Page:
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Original research
Treatment switch in Fabry disease- a matter of dose?


Background Patients with Fabry disease (FD) on reduced dose of agalsidase-beta or after switch to agalsidase-alfa show a decline in chronic kidney disease epidemiology collaboration-based estimated glomerular filtration rate (eGFR) and a worsened plasma lyso-Gb3 decrease. Hence, the most effective dose is still a matter of debate.

Methods In this prospective observational study, we assessed end-organ damage and clinical symptoms in 78 patients who had received agalsidase-beta (1.0 mg/kg) for >1 year, which were assigned to continue this treatment (agalsidase-beta, regular-dose group, n=17); received a reduced dose of agalsidase-beta and subsequent switch to agalsidase-alfa (0.2 mg/kg) or a direct switch to 0.2 mg/kg agalsidase-alfa (switch group, n=22); or were re-switched to agalsidase-beta after receiving agalsidase-alfa for 12 months (re-switch group, n=39) with a follow-up of 88±25 months.

Results No differences for clinical events were observed for all groups. Patients within the re-switch group started with the worst eGFR values at baseline (p=0.0217). Overall, eGFR values remained stable in the regular-dose group (p=0.1052) and decreased significantly in the re-switch and switch groups (p<0.0001 and p=0.0052, respectively). However, in all groups males presented with an annual loss of eGFR by –2.9, –2.5 and −3.9 mL/min/1.73 m² (regular-dose, re-switch, switch groups, all p<0.05). In females, eGFR decreased significantly only in the re-switch group by −2.9 mL/min/1.73 m² per year (p<0.01). Lyso-Gb3 decreased in the re-switch group after a change back to agalsidase-beta (p<0.05).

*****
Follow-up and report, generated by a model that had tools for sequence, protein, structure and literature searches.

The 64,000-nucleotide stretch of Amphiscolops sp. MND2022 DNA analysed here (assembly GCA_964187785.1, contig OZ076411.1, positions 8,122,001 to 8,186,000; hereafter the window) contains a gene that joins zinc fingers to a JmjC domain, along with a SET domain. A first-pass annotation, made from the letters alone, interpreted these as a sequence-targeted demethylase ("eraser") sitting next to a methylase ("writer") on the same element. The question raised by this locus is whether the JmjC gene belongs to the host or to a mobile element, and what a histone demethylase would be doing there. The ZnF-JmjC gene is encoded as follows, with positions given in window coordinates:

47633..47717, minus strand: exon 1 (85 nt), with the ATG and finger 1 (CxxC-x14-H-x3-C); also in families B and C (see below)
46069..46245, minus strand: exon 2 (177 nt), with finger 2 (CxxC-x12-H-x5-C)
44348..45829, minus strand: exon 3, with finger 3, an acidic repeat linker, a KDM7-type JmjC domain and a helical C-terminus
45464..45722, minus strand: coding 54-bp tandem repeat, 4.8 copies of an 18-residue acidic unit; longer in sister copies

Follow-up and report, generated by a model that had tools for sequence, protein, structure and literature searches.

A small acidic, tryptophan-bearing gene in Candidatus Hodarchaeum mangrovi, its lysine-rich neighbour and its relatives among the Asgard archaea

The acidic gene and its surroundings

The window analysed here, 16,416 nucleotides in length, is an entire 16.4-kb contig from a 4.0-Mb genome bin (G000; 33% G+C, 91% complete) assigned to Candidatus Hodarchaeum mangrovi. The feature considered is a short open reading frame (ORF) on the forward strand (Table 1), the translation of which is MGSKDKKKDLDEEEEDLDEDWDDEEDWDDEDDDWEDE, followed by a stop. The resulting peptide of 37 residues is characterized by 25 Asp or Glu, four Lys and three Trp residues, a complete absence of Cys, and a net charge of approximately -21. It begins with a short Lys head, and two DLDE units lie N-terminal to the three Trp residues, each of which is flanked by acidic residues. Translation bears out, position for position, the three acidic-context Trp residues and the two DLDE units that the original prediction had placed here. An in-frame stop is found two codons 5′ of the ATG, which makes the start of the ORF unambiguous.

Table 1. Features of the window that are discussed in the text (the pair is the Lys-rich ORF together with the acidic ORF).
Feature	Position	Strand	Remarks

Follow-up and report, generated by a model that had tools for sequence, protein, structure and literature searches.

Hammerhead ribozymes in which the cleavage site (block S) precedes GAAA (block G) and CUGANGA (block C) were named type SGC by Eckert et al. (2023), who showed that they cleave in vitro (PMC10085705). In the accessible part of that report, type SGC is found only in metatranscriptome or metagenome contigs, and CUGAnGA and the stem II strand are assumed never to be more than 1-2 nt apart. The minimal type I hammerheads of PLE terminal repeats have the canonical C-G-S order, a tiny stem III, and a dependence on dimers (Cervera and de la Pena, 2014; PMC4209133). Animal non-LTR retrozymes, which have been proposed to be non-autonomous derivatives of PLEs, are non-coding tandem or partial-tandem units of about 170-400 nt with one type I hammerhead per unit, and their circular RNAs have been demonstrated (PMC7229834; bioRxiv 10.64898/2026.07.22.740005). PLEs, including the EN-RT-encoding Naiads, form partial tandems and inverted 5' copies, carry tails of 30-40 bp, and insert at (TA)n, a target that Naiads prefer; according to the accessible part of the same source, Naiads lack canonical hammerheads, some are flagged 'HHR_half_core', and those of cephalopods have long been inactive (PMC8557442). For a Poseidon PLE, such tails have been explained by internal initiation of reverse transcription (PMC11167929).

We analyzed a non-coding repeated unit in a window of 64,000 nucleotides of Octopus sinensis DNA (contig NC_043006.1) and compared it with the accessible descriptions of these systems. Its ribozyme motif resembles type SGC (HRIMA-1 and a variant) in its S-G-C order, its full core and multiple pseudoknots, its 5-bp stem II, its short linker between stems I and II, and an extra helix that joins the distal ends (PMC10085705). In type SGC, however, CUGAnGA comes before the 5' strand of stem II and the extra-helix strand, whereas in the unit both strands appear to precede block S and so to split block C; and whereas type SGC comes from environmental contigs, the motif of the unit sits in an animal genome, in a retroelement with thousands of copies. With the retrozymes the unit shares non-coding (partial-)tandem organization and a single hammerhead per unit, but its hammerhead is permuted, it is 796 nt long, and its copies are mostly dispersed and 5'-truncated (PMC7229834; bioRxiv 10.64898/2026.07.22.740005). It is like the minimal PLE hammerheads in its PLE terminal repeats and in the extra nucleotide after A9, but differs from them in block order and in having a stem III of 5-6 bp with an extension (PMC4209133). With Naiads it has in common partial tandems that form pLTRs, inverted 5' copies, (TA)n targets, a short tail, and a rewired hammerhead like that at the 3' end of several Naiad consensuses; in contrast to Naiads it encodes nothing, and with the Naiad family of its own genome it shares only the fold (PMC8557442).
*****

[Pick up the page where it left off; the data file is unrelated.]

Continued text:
Conclusions Our data suggest that a re-switch to high dosage of agalsidase results in a better biochemical response, but not in a significant renal amelioration especially in classical males.

  • genetics
  • renal medicine

Data availability statement

All data relevant to the study are included in the article or uploaded as supplementary information.

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